Sunday, February 27, 2011

A New Day in Our Israel

Paula R. Stern
A Soldier's Mother
25 February '11

It's Friday morning in Israel. I need to get moving to finish cleaning the house and preparing for the Sabbath, which begins tonight. My oldest daughter is sleeping a short distance away in the home she makes with her husband. My youngest daughter got up this morning, I made her lunch, and she caught the bus to school a few minutes ago. My daughters amaze me. I look at them and understand that it is through the strength of the Jewish woman that our nation survived. They are grace and beauty and sensitivity...and since I'm completely impartial, it must be true, right?

That leaves my sons.

My oldest is upstairs, asleep. Elie. I couldn't even begin to find the words for what I feel for him. He's at a hard point in his life; harder even than the army. The army was a part of the road he had to take. I knew, growing up, that I would go to university in America. It was inevitable. Elementary school, junior high school, high school, university. Here in Israel, it is a bit different, in that last place, they have army. So going to the army is as inevitable as university was for me.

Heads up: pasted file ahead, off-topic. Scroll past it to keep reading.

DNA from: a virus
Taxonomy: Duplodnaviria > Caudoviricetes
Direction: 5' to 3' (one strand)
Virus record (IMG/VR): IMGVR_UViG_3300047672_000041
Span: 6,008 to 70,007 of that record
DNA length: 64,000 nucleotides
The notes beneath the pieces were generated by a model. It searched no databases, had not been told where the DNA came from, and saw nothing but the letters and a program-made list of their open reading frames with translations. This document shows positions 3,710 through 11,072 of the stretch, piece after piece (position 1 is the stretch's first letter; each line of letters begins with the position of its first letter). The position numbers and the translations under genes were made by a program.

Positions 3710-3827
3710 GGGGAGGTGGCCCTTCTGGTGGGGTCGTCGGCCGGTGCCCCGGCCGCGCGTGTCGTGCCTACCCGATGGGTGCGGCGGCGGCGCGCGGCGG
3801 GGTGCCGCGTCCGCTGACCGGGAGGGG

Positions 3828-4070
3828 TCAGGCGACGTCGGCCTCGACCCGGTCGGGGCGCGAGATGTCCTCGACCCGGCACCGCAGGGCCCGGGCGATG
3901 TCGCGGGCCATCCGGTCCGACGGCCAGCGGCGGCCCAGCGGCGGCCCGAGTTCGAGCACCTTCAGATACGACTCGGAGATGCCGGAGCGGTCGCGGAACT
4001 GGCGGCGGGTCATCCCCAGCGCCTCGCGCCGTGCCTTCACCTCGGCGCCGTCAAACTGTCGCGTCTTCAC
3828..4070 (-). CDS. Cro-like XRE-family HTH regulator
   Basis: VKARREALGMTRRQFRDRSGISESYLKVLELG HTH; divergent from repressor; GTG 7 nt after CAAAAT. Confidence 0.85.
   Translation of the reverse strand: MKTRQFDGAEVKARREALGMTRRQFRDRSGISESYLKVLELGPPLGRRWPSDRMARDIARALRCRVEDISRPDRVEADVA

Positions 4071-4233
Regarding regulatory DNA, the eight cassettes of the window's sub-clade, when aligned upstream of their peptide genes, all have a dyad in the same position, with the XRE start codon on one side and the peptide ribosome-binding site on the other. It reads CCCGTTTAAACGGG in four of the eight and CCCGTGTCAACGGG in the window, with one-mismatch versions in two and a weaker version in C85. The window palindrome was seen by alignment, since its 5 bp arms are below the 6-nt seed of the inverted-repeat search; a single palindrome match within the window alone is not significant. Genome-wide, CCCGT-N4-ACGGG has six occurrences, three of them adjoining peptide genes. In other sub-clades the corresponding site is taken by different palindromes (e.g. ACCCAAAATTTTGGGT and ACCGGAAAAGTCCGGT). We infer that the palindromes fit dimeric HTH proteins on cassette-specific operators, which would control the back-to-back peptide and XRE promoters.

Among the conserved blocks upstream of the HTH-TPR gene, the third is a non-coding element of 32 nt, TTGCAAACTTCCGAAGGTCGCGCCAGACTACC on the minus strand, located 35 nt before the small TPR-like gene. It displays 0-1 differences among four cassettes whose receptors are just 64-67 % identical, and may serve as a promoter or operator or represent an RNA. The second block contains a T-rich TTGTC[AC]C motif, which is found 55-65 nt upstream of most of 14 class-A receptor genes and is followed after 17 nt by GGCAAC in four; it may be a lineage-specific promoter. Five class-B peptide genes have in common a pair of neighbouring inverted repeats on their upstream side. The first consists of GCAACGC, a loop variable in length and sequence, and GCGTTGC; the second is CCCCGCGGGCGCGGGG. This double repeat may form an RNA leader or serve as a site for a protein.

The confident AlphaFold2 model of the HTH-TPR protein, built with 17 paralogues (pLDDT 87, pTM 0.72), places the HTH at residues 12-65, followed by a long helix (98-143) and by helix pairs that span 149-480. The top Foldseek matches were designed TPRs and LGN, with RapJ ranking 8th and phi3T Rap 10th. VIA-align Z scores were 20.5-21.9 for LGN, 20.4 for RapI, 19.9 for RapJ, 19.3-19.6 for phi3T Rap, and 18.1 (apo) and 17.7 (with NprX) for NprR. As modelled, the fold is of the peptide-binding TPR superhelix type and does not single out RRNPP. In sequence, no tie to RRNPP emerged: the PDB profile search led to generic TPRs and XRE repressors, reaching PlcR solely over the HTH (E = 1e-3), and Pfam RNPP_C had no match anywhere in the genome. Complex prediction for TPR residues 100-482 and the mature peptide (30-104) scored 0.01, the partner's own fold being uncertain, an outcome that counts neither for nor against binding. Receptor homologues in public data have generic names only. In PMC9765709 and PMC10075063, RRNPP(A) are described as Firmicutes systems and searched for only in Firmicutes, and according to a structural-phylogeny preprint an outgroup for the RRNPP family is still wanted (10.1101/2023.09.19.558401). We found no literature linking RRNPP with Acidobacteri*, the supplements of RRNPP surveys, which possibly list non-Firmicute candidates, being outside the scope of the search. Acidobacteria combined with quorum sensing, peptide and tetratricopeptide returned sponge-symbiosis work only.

There is no choice, no wondering if there is a different path. It is accepted, expected, inevitable. Elie flew through the army in so many ways. It wasn't easy for him, but he simply took each challenge and truly made the best of it. He let the army shape him because he liked what was being formed. Now, as they warned him would happen, he doesn't have the structure, the routine, and so he is struggling to find the path, to know that he has taken the correct road. I keep wondering if he will go back into the army, if that would be best for him. He keeps saying no and yet the army remains a vibrant part of him.

(Read full "A New Day in Our Israel")

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